Tools for the Job

First, be prepared for some hefty linkage here, while I set the stage throughout the post to give reference to what I’m talking about.

I was reading a post at Syncaine’s where he was talking about SW:TOR, and the results that “calling” it an MMO will have. Right now, it’s too early for me to really comment on the validity of his statements. I don’t know how the gameplay will be, or how closely it will adhere to typical MMO conventions. The short and long of it(or TLDR version for the internet lingo), as Syncaine puts it, is that the game is going to be more akin to an online, co-op single player RPG and that the MMO crowd will not receive that well. If the game is released like that, and lacking in an end-game method of progression, there very well may be problems. However, we don’t know for sure that’s the case.

That said, I want to gloss over that post and get to the heart of what I’m talking about here. Sid 6.7, of Serial Ganker, made a comment, or an observational statement to be more accurate, about how the focus of SW:TOR (story) could be used to further its primary goal. He then went on to make a post of his own about it, explaining in a bit more detail what he thinks should be available to developers of the game post lauch. His statement, and post, struck me as particularly interesting based on what I know of the game engine being used.

If you’ve been reading here for a while, or perused through my “MMO Characters & History” page, you might have remembered me talking about a game called Gemstone 4. This is a game created by Simutronics Corporation, who have been around for ever (Iron Crown Enterprises forever, if you get the reference). Simutronics started work on their own fully 3D MMO YEARS ago, according to their news archive, they launched the website for the game in October of 2004. To wrap this up a bit, they developed their own game engine for creating their MMO, called HeroEngine. If you have free time to spare, and you’re interested in this kind of thing, I strongly suggest checking out the videos they have of the engine in action at world building.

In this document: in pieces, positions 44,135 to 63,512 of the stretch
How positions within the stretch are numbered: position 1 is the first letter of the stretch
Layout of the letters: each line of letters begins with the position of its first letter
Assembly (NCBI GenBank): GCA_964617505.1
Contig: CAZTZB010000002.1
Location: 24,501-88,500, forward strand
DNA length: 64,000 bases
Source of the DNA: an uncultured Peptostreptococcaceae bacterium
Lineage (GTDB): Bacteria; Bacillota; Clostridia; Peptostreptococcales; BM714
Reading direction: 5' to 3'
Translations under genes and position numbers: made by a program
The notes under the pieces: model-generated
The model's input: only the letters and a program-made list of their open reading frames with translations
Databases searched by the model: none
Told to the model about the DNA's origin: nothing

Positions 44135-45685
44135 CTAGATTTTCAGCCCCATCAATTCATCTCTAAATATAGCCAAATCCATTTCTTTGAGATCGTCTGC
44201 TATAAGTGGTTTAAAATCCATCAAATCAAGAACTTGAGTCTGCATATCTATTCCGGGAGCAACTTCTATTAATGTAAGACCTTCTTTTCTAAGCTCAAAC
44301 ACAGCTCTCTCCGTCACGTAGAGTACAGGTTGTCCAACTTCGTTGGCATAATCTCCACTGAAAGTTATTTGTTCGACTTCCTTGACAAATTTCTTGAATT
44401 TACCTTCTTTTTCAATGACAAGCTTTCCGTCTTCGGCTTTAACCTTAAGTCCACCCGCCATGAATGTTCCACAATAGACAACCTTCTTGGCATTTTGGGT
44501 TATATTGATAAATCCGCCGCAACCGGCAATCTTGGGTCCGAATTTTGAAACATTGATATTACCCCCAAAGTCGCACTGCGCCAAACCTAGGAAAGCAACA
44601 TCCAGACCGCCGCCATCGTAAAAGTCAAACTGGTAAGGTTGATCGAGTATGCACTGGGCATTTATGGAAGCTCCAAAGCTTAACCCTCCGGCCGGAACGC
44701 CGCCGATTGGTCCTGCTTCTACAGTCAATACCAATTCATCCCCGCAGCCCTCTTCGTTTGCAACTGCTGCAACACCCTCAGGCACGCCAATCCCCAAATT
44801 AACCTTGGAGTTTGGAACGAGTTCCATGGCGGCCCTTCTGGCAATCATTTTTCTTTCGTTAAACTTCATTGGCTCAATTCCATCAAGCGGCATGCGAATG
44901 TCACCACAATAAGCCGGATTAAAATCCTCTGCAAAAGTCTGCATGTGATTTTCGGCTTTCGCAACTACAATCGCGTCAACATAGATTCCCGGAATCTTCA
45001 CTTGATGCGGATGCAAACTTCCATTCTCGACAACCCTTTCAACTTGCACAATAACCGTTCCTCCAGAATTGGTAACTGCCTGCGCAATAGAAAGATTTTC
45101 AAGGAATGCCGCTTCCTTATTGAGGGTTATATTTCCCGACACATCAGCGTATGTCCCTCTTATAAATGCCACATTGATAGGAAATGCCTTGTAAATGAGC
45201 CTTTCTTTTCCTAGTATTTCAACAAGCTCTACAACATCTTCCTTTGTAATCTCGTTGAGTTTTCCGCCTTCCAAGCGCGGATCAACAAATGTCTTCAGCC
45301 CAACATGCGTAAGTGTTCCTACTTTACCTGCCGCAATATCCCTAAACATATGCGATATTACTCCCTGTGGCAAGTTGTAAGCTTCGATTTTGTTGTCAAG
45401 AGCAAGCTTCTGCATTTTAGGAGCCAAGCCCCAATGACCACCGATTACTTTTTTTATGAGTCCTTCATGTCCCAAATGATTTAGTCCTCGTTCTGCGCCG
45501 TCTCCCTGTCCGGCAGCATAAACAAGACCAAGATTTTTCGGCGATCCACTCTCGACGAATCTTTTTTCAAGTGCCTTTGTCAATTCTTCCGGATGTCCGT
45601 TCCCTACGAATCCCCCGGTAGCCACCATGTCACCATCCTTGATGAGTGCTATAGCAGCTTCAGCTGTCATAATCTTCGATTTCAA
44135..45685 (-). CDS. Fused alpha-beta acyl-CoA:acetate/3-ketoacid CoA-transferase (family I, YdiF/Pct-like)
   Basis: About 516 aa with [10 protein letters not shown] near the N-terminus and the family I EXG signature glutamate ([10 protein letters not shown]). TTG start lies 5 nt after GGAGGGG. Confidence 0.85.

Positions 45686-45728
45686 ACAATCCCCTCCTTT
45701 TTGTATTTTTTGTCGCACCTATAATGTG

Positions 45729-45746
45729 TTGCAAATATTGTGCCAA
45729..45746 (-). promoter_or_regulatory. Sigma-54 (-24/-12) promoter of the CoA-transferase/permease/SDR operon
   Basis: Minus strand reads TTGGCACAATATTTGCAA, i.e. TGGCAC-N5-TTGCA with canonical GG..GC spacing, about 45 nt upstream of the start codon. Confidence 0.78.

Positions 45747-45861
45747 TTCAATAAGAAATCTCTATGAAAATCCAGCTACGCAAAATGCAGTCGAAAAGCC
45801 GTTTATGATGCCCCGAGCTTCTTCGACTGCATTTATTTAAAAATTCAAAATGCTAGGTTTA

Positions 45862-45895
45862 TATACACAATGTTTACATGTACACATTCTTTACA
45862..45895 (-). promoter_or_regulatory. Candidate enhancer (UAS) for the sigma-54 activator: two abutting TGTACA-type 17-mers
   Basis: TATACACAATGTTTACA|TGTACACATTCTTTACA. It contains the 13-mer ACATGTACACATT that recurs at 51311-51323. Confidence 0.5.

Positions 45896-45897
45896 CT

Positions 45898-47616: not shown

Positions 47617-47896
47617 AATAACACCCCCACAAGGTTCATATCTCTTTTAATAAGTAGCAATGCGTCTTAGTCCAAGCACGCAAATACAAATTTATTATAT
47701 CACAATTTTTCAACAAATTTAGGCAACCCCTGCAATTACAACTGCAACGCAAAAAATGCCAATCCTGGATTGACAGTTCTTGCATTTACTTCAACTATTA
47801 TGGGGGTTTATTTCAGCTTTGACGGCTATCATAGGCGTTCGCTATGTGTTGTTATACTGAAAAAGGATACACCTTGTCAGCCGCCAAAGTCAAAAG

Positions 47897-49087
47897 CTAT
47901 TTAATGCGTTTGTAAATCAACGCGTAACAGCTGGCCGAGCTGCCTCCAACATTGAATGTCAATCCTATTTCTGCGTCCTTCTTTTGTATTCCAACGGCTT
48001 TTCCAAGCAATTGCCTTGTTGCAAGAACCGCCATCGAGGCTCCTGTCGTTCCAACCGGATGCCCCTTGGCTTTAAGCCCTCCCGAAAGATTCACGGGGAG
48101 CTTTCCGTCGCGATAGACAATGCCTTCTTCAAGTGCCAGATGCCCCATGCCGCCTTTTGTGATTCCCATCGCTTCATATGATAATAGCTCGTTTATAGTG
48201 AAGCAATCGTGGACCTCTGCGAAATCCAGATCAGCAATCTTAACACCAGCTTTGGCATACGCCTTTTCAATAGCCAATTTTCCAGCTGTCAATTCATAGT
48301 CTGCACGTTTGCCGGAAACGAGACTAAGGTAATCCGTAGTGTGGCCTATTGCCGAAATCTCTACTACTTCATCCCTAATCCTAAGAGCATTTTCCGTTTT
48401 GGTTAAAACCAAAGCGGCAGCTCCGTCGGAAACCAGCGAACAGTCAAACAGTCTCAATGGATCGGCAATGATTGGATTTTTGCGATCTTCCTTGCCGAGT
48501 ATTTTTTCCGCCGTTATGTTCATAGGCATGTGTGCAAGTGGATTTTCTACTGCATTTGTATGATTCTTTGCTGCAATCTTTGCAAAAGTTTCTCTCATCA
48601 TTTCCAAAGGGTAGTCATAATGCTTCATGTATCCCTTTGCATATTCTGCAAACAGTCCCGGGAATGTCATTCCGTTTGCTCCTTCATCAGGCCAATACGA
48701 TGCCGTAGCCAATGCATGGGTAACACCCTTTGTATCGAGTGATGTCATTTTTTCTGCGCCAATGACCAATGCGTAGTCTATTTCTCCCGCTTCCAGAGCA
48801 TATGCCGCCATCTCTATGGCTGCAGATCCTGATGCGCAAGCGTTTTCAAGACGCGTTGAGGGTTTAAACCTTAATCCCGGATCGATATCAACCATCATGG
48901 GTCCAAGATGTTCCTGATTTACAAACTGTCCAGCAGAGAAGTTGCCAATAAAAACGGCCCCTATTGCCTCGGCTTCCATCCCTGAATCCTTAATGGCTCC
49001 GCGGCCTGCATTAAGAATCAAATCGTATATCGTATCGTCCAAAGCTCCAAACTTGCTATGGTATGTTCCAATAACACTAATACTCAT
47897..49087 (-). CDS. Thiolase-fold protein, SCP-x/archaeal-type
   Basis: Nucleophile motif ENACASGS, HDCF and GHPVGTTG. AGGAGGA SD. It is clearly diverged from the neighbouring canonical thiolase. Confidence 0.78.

Hero Engine got some very interesting and positive attention after it was displayed at some E3, and given its pruported abilities, completely deserved. It’s most-touted features are its flexibility and adaptability. It is heavily pushed as a tool that lets you quickly and easily create worlds, events, changes, and many of the great things that GMs of old had in simpler worlds. It has a development tool called HeroBlade that is an integrated tool with a real-time interface with the game world that lets the developer affect everything from lighting to game mechanics.

What I’m trying to say, without making this sound like an advertisement, is that the very thing that Sid 6.7 was suggesting as a necessary tool to make SW:TOR successful, is the very thing that the game engine itself is reported to excel at, and he seemed to be unaware of this at the time of saying it. What this could mean for his theory, is that BioWare had the same conclusion, and chose this engine for that very reason, fully intent on constantly developing new stories and adventures for players to partake in.

Imagine a world, where developers ran events on a regular basis that changed the world/universe as you know it. It evokes memories for me of playing in small MUDs online, or in pencil and paper RPGs with friends and a great DM who knew how to make a world fun. I’m not saying SW:TOR will be that game, what I’m saying, is that tools like HeroEngine coming out give me hope for that type of gameplay in the future.

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About Shadow
Making serious business out of internet spaceships.